On the fifth day of sequester budget cuts and job furloughs at air traffic control towers, airline executives complained that more flight delays could begin to impact their bottom line.
The Federal Aviation Administration reported that it had to delay 863 flights Wednesday because of staff shortages among air traffic controllers. Another 2,132 flights were delayed by severe weather and other factors.
The agency began furloughing controllers Sunday to help cut $636 million from its budget.
Hardest hit by the delays Wednesday were airports in Chicago, New York, New Jersey and Dallas.
During conference calls to discuss first-quarter earnings, several airline executives said continued flight delays could hurt their financial outlook.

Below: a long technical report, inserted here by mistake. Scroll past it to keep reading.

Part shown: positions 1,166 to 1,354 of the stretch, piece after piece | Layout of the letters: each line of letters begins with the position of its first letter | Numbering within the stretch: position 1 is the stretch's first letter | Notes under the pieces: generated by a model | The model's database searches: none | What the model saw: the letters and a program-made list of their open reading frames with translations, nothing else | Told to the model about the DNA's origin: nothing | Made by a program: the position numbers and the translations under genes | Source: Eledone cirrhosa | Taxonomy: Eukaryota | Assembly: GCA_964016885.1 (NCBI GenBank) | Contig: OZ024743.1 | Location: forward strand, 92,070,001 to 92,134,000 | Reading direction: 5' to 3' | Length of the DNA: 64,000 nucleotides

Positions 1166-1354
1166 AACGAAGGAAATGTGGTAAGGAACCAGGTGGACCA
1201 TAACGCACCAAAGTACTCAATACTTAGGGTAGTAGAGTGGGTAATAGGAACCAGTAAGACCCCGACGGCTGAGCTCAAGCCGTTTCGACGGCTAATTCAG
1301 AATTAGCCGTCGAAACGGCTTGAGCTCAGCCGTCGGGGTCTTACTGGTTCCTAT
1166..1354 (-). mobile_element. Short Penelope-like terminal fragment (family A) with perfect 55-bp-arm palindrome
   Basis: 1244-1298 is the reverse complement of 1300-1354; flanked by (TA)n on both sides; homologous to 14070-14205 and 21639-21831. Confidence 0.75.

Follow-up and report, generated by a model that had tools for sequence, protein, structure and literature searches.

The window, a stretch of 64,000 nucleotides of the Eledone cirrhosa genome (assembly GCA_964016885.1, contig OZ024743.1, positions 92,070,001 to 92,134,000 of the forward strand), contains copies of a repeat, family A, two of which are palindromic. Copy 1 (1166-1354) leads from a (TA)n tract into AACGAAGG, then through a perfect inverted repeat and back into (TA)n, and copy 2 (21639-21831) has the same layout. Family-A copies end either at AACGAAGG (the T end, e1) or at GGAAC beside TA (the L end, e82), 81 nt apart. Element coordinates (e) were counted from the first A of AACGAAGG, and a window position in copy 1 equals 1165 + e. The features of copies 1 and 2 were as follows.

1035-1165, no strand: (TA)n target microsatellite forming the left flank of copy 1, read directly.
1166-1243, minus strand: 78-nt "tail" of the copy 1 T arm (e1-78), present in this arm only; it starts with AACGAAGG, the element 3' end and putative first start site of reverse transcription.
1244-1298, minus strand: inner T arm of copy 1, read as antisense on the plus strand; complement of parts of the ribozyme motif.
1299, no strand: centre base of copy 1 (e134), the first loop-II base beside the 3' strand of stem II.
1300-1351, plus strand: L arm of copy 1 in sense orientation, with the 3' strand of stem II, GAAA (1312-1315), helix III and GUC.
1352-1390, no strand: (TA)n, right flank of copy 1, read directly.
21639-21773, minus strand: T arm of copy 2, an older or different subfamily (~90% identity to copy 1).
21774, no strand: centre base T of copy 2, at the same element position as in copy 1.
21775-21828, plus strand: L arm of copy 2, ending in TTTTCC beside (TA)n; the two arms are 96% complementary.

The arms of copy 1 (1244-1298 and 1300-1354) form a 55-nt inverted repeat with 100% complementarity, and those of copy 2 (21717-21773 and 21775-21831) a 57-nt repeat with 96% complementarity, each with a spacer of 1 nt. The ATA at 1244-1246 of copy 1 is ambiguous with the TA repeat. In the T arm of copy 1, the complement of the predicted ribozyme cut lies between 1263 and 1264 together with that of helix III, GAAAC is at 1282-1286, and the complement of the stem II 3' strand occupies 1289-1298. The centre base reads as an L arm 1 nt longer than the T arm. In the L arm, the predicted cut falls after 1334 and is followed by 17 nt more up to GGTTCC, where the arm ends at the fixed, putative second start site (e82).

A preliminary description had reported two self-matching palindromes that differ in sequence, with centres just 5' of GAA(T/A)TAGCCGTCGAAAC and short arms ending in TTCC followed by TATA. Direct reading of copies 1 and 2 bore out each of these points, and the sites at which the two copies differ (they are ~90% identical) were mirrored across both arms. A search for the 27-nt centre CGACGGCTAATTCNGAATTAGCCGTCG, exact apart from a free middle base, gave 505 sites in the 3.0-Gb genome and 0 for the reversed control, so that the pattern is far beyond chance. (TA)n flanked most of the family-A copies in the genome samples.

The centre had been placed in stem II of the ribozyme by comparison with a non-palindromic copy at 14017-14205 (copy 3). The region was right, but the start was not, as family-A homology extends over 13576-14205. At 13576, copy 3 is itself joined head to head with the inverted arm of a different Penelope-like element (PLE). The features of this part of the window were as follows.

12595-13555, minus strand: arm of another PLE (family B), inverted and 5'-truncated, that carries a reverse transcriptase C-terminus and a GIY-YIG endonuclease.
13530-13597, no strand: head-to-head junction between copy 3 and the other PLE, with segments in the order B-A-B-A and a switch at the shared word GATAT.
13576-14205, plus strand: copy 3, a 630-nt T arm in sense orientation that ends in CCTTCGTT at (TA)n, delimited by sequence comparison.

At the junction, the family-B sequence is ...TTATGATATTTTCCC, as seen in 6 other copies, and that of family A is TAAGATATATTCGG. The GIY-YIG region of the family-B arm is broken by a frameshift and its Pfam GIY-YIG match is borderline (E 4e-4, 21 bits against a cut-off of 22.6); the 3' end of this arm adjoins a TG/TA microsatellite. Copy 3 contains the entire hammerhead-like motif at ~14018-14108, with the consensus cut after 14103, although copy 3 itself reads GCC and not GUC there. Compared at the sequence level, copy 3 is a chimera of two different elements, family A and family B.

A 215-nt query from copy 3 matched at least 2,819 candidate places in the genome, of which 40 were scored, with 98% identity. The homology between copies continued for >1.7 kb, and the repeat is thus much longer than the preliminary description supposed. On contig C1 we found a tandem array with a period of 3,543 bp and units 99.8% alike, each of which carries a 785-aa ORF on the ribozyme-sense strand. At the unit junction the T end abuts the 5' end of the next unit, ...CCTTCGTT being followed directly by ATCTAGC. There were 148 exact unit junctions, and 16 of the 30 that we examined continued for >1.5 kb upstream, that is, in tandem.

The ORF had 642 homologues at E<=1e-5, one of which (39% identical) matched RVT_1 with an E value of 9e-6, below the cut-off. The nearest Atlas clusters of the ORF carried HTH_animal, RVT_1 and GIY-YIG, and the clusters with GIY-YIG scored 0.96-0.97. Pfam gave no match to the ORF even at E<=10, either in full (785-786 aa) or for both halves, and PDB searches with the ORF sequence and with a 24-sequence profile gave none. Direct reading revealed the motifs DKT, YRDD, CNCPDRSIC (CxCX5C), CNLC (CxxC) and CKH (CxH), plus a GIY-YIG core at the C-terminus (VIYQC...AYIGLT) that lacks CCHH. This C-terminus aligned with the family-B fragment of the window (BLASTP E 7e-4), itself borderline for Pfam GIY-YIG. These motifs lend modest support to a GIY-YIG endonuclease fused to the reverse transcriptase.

At US Airways, the delays could cost the nation's fifth-largest carrier about $250 million if the furloughs continue until the end of the year, according to Chief Executive Doug Parker.
"This is a situation that will have to be resolved," he said. "This doesn't make any sense."
In its quarterly financial report, Southwest Airlines, the nation's largest domestic carrier, also warned that impacts of sequestration could be a drain on revenue. But Southwest officials said in a statement that lower fuel prices could offset the "potential effects from government sequestration."